Preterm Children Who Drink More Breast Milk Have a Higher IQ and Greater Academic Achievement
In a seven-year study of preterm babies, increased maternal milk consumption was related to improved performance IQ, academic success, and a decrease in ADHD symptoms.
Maternal milk consumption is linked to improved school-age outcomes for preterm babies.
Children born prematurely have a higher chance of inferior academic ability in math, reading, and other abilities, as well as a higher risk of attention-deficit/hyperactivity disorder ().
Recent research, however, reveals that intervention in the early weeks and months of a preterm infant’s existence may result in improved neurodevelopmental results later in life.
In a seven-year study of preterm infants, researchers from Brigham and Women’s Hospital and collaborators from the South Australian Health and Medical Research Institute discovered that children who received more maternal milk both during and after their time in the neonatal intensive care unit (NICU) had higher academic achievement, higher IQs, and fewer ADHD symptoms. The study’s findings were published in the journal JAMA Network Open.
“Our study finds that there may be long-term neurodevelopmental benefits to providing maternal milk to preterm infants,” said corresponding author Mandy Brown Belfort, MD, MPH, of the Department of Pediatric Newborn Medicine.
“A lot of families are dedicated to the idea of providing maternal milk but may face steep challenges. Our findings emphasize the importance of providing support for initiating and sustaining lactation because maternal milk at this early age can provide benefits years later.”
Belfort and colleagues examined the neurodevelopmental outcomes of 586 children born at one of five Australian perinatal facilities at less than 33 weeks gestation. Children were evaluated at the age of seven (corrected for prematurity).
The researchers examined data on maternal milk dosage (the amount of mother milk babies got each day) and maternal milk duration (how long parents remained nursing) to see whether they could predict certain neurodevelopmental outcomes. These outcomes included academic achievement, Verbal and Performance IQ, symptoms of ADHD, executive function, and behavior.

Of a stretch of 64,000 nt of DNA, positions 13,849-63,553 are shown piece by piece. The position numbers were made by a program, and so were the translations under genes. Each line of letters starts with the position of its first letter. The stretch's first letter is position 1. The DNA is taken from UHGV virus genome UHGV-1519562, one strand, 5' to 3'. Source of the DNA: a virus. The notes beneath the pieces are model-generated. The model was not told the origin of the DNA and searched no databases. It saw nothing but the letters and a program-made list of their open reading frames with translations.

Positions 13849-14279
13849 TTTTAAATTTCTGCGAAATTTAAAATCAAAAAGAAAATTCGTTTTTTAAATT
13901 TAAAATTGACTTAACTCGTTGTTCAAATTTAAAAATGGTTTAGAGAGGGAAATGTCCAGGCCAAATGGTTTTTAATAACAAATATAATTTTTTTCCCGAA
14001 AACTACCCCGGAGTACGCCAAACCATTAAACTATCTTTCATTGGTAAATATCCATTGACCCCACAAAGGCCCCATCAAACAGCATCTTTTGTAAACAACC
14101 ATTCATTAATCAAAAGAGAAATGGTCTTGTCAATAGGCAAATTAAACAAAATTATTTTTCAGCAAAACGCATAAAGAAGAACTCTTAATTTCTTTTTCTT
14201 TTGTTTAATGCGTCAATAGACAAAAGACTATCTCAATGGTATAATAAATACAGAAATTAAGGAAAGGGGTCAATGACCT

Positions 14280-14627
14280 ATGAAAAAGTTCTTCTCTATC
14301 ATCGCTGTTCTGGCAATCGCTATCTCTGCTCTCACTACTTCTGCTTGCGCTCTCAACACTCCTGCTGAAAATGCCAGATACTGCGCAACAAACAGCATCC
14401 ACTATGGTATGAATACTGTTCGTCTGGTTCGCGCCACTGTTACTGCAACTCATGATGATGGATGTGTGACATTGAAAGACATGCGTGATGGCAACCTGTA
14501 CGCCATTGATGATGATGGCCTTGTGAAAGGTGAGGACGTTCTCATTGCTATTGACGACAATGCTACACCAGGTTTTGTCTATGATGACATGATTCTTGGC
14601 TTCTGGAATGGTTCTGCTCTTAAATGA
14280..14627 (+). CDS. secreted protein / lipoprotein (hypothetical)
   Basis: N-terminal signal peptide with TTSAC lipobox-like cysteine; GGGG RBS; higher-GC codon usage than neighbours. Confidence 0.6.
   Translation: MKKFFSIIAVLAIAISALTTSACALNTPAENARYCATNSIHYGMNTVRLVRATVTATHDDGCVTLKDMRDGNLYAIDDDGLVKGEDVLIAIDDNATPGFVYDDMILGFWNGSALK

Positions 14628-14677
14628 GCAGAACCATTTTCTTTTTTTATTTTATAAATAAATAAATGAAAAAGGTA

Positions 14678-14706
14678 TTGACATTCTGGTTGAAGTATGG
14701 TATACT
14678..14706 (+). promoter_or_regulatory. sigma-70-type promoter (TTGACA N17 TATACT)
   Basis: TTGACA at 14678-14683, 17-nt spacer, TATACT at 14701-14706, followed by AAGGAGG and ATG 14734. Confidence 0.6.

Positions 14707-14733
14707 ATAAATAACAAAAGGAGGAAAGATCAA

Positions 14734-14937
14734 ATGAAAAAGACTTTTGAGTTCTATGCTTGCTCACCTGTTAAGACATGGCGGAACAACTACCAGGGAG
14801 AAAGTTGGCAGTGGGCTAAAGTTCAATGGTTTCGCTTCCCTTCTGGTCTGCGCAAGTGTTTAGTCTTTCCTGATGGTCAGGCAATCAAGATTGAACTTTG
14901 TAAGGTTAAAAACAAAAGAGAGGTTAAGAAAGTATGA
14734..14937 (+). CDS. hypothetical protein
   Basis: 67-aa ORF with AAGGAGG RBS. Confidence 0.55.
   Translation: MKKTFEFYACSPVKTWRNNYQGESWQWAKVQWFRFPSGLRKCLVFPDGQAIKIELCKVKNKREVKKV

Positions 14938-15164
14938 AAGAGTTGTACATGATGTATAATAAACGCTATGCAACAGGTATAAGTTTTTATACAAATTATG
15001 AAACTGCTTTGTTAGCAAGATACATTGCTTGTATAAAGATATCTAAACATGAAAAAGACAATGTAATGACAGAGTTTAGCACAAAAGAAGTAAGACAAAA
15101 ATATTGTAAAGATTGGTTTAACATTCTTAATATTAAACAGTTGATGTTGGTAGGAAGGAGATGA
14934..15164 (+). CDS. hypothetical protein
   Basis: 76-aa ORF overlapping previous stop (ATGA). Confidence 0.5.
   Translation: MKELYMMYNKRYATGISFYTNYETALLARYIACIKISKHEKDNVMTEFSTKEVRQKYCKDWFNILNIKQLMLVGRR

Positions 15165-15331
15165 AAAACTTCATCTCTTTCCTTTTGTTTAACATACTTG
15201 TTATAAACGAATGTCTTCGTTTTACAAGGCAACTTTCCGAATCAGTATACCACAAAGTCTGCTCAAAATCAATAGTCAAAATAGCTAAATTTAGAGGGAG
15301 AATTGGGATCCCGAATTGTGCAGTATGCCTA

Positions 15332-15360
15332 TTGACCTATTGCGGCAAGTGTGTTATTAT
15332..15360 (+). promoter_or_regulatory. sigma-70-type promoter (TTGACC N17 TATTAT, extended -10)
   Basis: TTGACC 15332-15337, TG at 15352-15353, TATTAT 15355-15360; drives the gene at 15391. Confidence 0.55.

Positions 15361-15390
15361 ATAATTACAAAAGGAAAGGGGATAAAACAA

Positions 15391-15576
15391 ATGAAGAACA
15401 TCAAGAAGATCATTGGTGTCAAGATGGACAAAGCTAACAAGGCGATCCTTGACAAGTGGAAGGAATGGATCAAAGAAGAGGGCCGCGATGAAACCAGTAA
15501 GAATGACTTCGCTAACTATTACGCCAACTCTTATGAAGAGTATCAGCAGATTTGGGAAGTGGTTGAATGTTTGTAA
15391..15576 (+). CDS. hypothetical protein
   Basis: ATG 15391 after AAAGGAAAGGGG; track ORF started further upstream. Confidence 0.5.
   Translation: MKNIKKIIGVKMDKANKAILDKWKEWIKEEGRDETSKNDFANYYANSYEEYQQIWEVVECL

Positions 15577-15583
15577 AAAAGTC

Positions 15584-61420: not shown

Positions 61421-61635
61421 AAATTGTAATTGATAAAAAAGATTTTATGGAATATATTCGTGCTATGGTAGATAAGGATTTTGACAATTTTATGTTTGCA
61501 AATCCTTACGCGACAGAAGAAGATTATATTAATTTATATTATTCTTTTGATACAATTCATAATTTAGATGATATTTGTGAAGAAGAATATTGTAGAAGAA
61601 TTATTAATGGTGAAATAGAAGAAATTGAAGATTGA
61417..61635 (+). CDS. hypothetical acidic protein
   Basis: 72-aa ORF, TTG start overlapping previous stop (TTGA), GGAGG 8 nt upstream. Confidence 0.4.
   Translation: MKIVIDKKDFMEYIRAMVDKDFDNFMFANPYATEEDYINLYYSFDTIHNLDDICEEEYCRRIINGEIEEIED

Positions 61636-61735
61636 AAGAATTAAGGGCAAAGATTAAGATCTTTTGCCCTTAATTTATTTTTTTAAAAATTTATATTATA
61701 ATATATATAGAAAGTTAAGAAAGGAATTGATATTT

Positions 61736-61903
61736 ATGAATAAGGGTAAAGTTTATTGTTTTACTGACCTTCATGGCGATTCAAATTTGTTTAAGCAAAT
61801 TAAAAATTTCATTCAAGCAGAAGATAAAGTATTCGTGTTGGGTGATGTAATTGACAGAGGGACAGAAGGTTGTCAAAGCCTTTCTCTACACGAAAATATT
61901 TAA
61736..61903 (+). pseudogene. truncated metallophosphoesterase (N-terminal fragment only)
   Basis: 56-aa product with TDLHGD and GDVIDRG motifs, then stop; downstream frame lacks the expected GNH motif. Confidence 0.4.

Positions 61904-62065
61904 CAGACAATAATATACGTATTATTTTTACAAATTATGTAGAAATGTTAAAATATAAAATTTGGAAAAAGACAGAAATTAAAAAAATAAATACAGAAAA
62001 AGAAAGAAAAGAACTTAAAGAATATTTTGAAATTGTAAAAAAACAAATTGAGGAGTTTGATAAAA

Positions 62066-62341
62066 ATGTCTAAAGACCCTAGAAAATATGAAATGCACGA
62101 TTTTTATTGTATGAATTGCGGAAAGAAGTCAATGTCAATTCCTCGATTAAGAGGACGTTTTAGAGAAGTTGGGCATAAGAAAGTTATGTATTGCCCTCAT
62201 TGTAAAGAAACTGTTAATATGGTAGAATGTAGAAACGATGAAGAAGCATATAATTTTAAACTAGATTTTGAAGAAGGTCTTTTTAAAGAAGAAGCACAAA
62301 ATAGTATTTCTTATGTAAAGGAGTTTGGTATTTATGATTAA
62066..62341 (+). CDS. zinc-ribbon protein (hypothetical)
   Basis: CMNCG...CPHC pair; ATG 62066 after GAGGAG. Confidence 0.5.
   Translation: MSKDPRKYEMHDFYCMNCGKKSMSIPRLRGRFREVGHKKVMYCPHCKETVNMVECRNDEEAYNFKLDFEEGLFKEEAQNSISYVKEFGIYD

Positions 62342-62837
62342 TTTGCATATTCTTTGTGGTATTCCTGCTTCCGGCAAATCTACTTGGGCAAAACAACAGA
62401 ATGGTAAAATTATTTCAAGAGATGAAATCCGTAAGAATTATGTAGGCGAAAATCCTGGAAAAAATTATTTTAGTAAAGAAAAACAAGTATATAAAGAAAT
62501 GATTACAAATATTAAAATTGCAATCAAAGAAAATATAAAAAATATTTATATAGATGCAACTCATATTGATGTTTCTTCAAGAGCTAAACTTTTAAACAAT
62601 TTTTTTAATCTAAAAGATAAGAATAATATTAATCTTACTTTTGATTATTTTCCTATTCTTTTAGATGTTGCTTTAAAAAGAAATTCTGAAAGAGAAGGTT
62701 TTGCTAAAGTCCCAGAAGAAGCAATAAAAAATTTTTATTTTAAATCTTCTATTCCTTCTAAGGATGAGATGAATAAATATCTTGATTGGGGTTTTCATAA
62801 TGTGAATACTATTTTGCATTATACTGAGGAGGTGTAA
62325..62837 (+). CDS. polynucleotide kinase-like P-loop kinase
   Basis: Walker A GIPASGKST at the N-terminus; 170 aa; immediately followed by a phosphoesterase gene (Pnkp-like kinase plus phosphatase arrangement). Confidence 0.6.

Overall, the team found that higher maternal milk intake was associated with higher Performance IQ and higher reading and math scores.
Parents also reported fewer ADHD symptoms for children who consumed more maternal milk during infancy. Duration of maternal milk intake (up to 18 months corrected age) was also associated with higher reading, spelling, and math scores. The researchers controlled for confounders, including clinical and social factors.
These beneficial associations were stronger for infants born at the lowest gestational ages, particularly those born below 30 weeks of gestation.
The authors note that their study is observational — they cannot determine causality as there may be other, unaccounted factors that influence both the ability to provide maternal milk and academic achievement. The study’s strengths include its large size, the range of outcomes examined, and that the researchers could assess school-age outcomes.
Other studies have only followed children through preschool age, making it difficult to assess the full range of neurodevelopmental outcomes.
Overall, Belfort sees the team’s findings as an affirmation of guidance from the American Academy of Pediatrics and the World Health Organization, both of which recommend maternal milk for infants.
“Our study confirms recommended strategies for supporting parents to provide maternal milk for preterm infants,” said Belfort.
“And it strengthens the call for health policies and parental leave policies that support rather than work against parents. As a society, we need to invest in families — it’s an investment that will continue to benefit children when they reach school age.”